From the AICGS Bookshelf: Wir können nicht allen helfen
President Emeritus of AICGS
Jackson Janes is the President Emeritus of the American Institute for Contemporary German Studies at the Johns Hopkins University in Washington, DC, where he has been affiliated since 1989.
Dr. Janes has been engaged in German-American affairs in numerous capacities over many years. He has studied and taught in German universities in Freiburg, Giessen and Tübingen. He was the Director of the German-American Institute in Tübingen (1977-1980) and then directed the European office of The German Marshall Fund of the United States in Bonn (1980-1985). Before joining AICGS, he served as Director of Program Development at the University Center for International Studies at the University of Pittsburgh (1986-1988). He was also Chair of the German Speaking Areas in Europe Program at the Foreign Service Institute in Washington, DC, from 1999-2000 and President of the International Association for the Study of German Politics from 2005-2010.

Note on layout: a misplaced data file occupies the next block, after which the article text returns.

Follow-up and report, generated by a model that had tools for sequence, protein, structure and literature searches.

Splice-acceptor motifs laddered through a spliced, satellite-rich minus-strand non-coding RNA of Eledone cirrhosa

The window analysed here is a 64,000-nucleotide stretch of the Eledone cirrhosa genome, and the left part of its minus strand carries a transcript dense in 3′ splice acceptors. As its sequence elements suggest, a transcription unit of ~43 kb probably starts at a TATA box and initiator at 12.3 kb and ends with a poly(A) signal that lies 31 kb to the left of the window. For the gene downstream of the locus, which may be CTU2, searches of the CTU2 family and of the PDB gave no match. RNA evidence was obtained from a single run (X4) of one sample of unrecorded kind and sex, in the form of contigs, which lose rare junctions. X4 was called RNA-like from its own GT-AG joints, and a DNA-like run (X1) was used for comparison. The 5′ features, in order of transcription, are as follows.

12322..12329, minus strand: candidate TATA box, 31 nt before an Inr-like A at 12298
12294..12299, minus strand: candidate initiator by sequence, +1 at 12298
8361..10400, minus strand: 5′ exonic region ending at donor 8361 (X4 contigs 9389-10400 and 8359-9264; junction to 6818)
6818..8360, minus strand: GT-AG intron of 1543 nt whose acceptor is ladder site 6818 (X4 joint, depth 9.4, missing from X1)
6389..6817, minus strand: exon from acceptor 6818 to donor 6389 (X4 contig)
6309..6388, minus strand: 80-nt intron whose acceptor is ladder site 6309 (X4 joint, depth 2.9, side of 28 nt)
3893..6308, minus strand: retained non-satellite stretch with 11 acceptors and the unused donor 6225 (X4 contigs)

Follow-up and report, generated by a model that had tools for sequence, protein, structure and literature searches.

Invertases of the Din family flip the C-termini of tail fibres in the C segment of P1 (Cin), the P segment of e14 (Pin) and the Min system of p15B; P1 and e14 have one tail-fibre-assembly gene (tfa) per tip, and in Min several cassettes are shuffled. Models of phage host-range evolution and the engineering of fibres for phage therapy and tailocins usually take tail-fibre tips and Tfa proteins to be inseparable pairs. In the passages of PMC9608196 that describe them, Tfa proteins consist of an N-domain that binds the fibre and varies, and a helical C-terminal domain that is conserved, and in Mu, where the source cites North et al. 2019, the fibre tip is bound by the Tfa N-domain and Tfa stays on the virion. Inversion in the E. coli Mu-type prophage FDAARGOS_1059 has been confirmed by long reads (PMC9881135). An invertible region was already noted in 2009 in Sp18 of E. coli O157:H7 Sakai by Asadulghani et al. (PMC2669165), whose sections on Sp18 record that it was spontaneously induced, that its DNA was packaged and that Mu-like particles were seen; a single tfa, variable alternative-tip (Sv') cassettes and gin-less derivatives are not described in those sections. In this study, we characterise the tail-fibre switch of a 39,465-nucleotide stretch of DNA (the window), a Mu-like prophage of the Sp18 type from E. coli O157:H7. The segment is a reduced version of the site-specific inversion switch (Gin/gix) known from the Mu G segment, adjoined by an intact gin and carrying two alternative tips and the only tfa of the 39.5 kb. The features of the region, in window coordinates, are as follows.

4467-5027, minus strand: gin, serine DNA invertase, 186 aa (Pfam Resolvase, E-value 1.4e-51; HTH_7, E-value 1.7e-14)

Dr. Janes is a member of the Council on Foreign Relations, the International Institute for Strategic Studies, and the Atlantic Council of the United States. He serves on the advisory boards of the Berlin office of the American Jewish Committee, Beirat der Zeitschrift für Außen- und Sicherheitspolitik (ZfAS), the Robert Bosch Foundation Alumni Association, and the American Bundestag Intern Network (ABIN) in Washington, DC. He is a member of the Board of the German American Fulbright Commission and serves on the Selection Committee for the Bundeskanzler Fellowships for the Alexander von Humboldt Foundation. He is a member of the Cosmos Club in Washington DC.
Dr. Janes has lectured throughout Europe and the United States and has published extensively on issues dealing with Germany, German-American relations, and transatlantic affairs. In addition to regular commentary given to European and American news radio, he has appeared on CBS, CNN, C-SPAN, PBS, CBC, and is a frequent commentator on German television. Dr. Janes is listed in Who’s Who in America and Who’s Who in Education.